Corey Hart's Wife to Give Birth in Final Weeks of Season
PHOENIX (AP) -- Corey Hart likely will have more on his mind at the end of this season than the last one.
While that might not bode well for the Brewers right fielder who sizzled in the summer before slumping in September, at least he's already prepared.
His wife, Kristina, is due to have their fourth child in the final two weeks of the season. But if his year is anything like the last one, Milwaukee will be in the thick of the postseason chase.
This time, they hope Hart can contribute at the plate.
Hart hit .289 with 15 homers and 58 RBIs to make his first All-Star appearance after winning the fan vote for the final spot, but Hart began to struggle soon after, culminating with a miserable final month of the season.
In September, he hit .173 with no homers and 10 RBIs and struck out 21 times compared to just three walks.
"My body was just drained and tired," Hart said. "I wasn't used to being out there that much. It's the most I'd played, 100 more at-bats than I'd ever had. I was worn down. Physically, I didn't prepare for that kind of season."
Hart had 612 at-bats, tops on the team, and played in 157 games, both easily the highest in his career at any level since being drafted in 2000.
While Hart was tired, manager Ned Yost and interim manager Dale Sveum, now the hitting coach, couldn't rest him when it was obvious he needed it because Gabe Kapler hurt his shoulder on Sept. 10 and didn't play the rest of the season or the playoffs when Milwaukee, the NL wild card, was eliminated by Philadelphia.
"I was pressing," Hart said. "I was trying to find it and of course, I was a starter and didn't want to come out of the lineup. It's one of those things, you work in the offseason physically and mentally. I just didn't quite get it done last year and that's why I had a stronger offseason conditioning program to make sure I don't wear down like I did last year."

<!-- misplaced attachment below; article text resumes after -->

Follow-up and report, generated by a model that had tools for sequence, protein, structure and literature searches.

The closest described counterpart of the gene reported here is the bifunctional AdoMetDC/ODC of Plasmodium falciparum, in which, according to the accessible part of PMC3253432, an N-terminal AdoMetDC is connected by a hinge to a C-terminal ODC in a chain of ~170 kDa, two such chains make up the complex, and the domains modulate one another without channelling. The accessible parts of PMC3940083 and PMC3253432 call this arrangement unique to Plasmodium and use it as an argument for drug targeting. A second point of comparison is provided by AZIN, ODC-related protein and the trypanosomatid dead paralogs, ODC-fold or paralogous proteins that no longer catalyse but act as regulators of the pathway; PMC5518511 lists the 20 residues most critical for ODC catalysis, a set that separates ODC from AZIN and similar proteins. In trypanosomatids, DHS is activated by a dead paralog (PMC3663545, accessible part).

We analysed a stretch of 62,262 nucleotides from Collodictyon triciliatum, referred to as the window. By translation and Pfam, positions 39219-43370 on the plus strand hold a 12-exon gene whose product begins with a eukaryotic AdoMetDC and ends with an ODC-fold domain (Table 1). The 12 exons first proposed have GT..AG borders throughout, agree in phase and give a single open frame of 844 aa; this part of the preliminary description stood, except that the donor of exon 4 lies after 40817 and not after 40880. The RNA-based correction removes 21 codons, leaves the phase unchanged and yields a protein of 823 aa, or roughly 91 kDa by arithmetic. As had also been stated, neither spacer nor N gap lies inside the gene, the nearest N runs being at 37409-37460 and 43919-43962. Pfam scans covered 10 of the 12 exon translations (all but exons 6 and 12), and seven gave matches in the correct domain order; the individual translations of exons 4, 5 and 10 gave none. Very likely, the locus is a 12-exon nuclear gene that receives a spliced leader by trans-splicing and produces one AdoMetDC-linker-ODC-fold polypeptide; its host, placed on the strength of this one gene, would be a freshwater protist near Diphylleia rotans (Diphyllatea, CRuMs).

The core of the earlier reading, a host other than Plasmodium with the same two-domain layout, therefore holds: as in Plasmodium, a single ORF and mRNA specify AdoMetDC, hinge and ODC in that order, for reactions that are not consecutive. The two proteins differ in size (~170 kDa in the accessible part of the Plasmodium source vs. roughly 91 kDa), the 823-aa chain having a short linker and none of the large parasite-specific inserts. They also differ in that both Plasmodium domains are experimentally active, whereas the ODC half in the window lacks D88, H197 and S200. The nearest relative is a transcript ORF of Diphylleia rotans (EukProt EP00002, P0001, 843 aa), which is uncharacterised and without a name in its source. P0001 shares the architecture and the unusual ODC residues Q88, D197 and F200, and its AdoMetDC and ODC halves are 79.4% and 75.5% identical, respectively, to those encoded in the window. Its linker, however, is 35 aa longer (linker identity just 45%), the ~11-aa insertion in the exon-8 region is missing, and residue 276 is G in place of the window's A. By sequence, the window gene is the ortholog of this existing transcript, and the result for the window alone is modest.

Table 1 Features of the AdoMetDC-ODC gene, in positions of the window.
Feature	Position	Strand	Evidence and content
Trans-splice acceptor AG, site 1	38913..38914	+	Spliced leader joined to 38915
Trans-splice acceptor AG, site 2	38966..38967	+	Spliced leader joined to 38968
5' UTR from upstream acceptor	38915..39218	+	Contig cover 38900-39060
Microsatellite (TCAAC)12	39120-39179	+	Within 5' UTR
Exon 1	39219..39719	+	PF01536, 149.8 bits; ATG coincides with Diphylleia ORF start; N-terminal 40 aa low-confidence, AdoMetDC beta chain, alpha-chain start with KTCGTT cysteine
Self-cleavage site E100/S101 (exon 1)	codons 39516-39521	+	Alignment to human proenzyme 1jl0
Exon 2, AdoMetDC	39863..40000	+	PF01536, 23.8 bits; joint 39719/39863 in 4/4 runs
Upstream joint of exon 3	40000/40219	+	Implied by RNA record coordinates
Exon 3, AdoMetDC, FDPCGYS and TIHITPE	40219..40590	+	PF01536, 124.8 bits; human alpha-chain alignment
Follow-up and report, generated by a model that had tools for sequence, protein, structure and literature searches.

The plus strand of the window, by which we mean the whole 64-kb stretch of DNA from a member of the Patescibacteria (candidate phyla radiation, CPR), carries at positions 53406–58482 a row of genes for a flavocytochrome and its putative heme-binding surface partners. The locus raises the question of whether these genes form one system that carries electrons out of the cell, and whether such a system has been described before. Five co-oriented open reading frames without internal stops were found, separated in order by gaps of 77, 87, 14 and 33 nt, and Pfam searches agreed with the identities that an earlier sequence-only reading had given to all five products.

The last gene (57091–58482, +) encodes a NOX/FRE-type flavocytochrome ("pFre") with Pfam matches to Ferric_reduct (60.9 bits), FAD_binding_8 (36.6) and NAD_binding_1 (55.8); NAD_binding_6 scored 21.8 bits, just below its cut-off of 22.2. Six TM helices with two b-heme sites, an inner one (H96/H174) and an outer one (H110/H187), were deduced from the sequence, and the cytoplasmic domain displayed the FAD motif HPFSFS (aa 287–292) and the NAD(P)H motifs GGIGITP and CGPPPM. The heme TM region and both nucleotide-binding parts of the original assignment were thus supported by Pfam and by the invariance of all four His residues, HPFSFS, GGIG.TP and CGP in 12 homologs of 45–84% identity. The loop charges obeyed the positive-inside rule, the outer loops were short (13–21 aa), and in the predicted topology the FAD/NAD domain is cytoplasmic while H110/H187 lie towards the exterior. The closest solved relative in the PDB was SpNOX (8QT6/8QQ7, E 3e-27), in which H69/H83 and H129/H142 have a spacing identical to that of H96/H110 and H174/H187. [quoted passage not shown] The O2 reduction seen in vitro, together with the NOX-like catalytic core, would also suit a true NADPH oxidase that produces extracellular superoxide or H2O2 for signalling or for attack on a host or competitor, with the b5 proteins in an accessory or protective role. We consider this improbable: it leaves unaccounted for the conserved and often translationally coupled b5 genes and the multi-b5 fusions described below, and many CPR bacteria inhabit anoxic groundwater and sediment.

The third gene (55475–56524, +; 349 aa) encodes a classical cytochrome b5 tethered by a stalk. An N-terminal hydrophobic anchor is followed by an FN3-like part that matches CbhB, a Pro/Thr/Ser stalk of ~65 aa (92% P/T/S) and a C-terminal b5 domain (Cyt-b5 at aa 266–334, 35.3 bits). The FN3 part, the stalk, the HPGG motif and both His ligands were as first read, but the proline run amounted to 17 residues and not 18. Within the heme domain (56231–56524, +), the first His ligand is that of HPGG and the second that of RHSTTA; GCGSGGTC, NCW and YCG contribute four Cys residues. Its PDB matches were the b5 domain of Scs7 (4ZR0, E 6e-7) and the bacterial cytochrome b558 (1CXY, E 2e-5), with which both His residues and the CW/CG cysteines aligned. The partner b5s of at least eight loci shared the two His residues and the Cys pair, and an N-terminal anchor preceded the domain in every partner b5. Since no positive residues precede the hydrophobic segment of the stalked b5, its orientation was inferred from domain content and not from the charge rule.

New Brewers manager Ken Macha raves about the natural arc on Hart's swing and potential power it could provide. Hart has speed, too. He's the only player in team history to hit 20 home runs and steal 20 bases in two different seasons.
But the last arbitration eligible player on the team to sign needs to regain the plate discipline that plagued him down the stretch. It's no secret that he'll chase sliders away when pitchers get ahead of him and he isn't taking nearly as many pitches as early in his career.
"I was focused (last season), but I was trying to find something that wasn't there," Hart said. "I've been working with Dale -- new hitting guy, new philosophy -- working on my approach and trying to refine it."
Brewers general manager Doug Melvin said Hart will learn from his experience in September. Hart is one of the names mentioned for a potential long-term deal in Milwaukee and Hart readily says he loves the team and wants to stay there.
"You just have to make adjustments," Melvin said. "They were pitching him differently in September, but one of the things was that other guys weren't hitting, too. If other guys are hitting, then you get different pitches. They threw a lot of sliders to him in September. If men were on base, he may not get those same breaking balls. He'll have to adjust. He's young enough to adjust."
(Copyright 2009 by The Associated Press. All Rights Reserved.)
Notes:@ The Brewers made their first major cuts on Sunday, sending RHP Tim Dillard and RHP Nick Green to Triple-A Nashville, RHP Omar Aguilar and RHP Alex Periard to Double-A Huntsville, RHP Mark Rogers to Single-A Brevard County and RHP Cody Scarpetta to Single-A Wisconsin. ... Brewers reliever Todd Coffey dyed his hair black, but kept his goatee red. Fellow reliever Jorge Julio nicknamed him "Black Coffey" and joked his teammate did it to no longer be confused with fellow tall, redheaded right-hander Seth McClung.